Are you sitting down? Illinois has good pension news.
Illinois' unfunded pension liability has slowed dramatically, according to new data.
Governor Pat Quinn announced last Saturday morning that latest forecast of the growth in the state's unfunded pension liability has fallen to $5 million a day from $17 million.
During the course of a full year, that amounts to a reduced liability of $4.32 billion. That's some serious swag, folks.
As late as last week at a legislative pension hearing, Quinn's budget director, Jerry Stermer, continued to cite the $17 million figure to lawmakers. And, then, two days later -- bam! -- Quinn announced a rosier forecast.
Quinn credits the slowing acceleration of Illinois' pension debt to Illinois making the full statutory payment to the pension systems every year and the enactment of a pension reform law in 2010, which created a "Tier 2" lower pension plan for new hires and not a boost from investments in a surging stock market.
"Improvement in the financial markets does not factor into the latest projection," says Quinn's press release.
And House Deputy Majority Leader Lou Lang (D-Skokie) agrees with the governor's assessment.
"The forecast that reveals Illinois pension debt growth is slowing demonstrates that the legislature's 2010 pension reform and regular pension payment policy are making a positive difference," said Lang. "By no means is the Illinois pension crisis solved, but it is beginning to heal and lawmakers deserve credit for that progress."
The impact of improved investment returns will be reflected when the five pension systems release data on the growth in their respective funds and their portfolio performance again in November.
The daily cost of the unfunded liability growth is calculated by taking the projected amount of the growth of the shortfall in a given fiscal year among the state's five pension systems, and dividing that number by 365.
Apparently the "do nothing" Illinois General Assembly may have done enough to help to turn the long-term tide of the state's underfunded pension systems which currently totals approximately $96 billion.
This will really make the heads at the Chicago Tribune editorial board and the GOP partisans at the Illinois Policy Institute explode.
Despite the good news, Quinn refused in his statement to embrace his administration's good news.
In fact, the governor glowered at the legislature in order to maintain the heat on lawmakers by continuing to cast them as the villains -- despite their role in appropriating the full pension payments and crafting the 2010 pension reform -- as they ponder a comprehensive compromise.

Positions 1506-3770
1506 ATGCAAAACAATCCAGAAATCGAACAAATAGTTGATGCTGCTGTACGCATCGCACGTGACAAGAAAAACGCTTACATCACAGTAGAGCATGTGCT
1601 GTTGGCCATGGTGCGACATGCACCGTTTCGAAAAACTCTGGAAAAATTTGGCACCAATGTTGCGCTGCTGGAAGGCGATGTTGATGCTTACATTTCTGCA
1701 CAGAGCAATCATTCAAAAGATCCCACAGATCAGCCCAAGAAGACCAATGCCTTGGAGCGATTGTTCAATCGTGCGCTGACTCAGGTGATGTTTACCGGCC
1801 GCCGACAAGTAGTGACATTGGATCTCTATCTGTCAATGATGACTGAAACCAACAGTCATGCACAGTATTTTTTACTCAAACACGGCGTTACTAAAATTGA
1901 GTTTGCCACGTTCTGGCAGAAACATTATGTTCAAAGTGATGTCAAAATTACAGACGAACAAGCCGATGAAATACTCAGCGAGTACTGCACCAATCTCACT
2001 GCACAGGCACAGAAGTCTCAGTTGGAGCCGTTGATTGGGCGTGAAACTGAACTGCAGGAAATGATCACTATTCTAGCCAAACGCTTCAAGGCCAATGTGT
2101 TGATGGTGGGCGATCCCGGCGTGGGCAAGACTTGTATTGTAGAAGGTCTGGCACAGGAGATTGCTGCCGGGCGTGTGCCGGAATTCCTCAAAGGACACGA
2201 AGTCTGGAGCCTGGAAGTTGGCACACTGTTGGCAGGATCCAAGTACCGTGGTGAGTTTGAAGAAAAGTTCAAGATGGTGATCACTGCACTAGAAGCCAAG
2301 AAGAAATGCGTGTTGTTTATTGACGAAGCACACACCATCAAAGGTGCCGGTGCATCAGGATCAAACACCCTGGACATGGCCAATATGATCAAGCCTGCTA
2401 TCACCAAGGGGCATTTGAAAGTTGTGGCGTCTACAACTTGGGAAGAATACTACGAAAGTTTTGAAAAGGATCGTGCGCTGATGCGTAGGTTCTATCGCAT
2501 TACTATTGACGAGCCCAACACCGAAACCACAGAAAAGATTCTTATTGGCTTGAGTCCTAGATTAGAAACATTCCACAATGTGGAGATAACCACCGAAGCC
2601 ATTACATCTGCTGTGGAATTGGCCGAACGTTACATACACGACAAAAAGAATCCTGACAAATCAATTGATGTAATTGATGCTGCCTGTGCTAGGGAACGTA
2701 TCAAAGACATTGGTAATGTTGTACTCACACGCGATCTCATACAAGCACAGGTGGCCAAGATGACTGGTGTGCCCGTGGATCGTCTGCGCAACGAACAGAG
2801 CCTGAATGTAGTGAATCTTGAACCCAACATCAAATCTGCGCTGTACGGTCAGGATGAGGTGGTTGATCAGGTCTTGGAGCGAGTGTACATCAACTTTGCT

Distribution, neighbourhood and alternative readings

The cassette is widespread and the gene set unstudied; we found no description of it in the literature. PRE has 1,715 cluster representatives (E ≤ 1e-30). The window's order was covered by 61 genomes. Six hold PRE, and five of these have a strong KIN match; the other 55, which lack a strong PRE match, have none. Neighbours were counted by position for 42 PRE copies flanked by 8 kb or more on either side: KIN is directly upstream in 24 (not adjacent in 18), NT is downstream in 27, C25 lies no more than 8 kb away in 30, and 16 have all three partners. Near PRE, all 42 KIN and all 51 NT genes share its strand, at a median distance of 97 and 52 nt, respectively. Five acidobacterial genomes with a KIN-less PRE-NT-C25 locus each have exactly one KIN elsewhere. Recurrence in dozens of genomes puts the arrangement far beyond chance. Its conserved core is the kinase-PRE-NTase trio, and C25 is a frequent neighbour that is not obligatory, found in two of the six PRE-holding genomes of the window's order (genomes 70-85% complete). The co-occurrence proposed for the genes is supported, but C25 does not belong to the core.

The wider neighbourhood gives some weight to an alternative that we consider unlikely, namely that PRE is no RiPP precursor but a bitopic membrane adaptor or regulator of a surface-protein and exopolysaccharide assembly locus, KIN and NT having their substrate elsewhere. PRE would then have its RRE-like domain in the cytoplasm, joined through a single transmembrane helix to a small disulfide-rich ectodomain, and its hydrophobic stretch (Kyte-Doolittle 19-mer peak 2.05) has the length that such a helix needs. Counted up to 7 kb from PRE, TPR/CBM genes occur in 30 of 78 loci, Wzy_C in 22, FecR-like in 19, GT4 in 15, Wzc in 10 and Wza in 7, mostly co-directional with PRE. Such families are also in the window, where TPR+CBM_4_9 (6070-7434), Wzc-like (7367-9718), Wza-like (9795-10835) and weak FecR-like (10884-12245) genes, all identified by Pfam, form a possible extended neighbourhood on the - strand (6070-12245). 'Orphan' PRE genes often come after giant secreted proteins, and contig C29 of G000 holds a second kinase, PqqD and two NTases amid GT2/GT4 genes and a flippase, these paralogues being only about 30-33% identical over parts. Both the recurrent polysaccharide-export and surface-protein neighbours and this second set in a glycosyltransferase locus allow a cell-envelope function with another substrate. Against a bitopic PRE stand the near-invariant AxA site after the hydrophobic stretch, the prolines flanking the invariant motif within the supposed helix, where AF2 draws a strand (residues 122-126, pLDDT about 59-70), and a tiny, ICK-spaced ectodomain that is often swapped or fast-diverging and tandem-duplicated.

"The people of Illinois are continuing to pay a steep price of $5 million a day for legislative inertia on pension reform," Quinn said. "We must stop this bleeding. Legislators must work around the clock to put a bill on my desk that erases the pension debt for the greater good of the people of Illinois."
Quinn, who has produced no pension reform bill of his own and who has oscillated between various other proposals, also accused lawmakers in his press release of being responsible for higher borrowing costs.
"Additionally, the General Assembly's failure to send the governor a comprehensive pension reform bill has resulted in multiple downgrades of Illinois' credit rating, which hurts the state's economic recovery, and just this Wednesday cost taxpayers an extra $130 million to ensure work continues on critical capital construction projects. This year alone, the lack of action has cost taxpayers $180 million in additional costs over the life of the bonds," the press release intoned.
Nice way to make friends when you need them most.
The governor has set a deadline of Tuesday, July 9 for the General Assembly to act on a comprehensive pension reform bill.
In the meantime though, the Illinois General Assembly deserves some credit for a concrete improvement in an otherwise bleak pension picture because Quinn has zero intention of sharing even a crumb of credit with those who put the reforms in place.
Good job, lawmakers.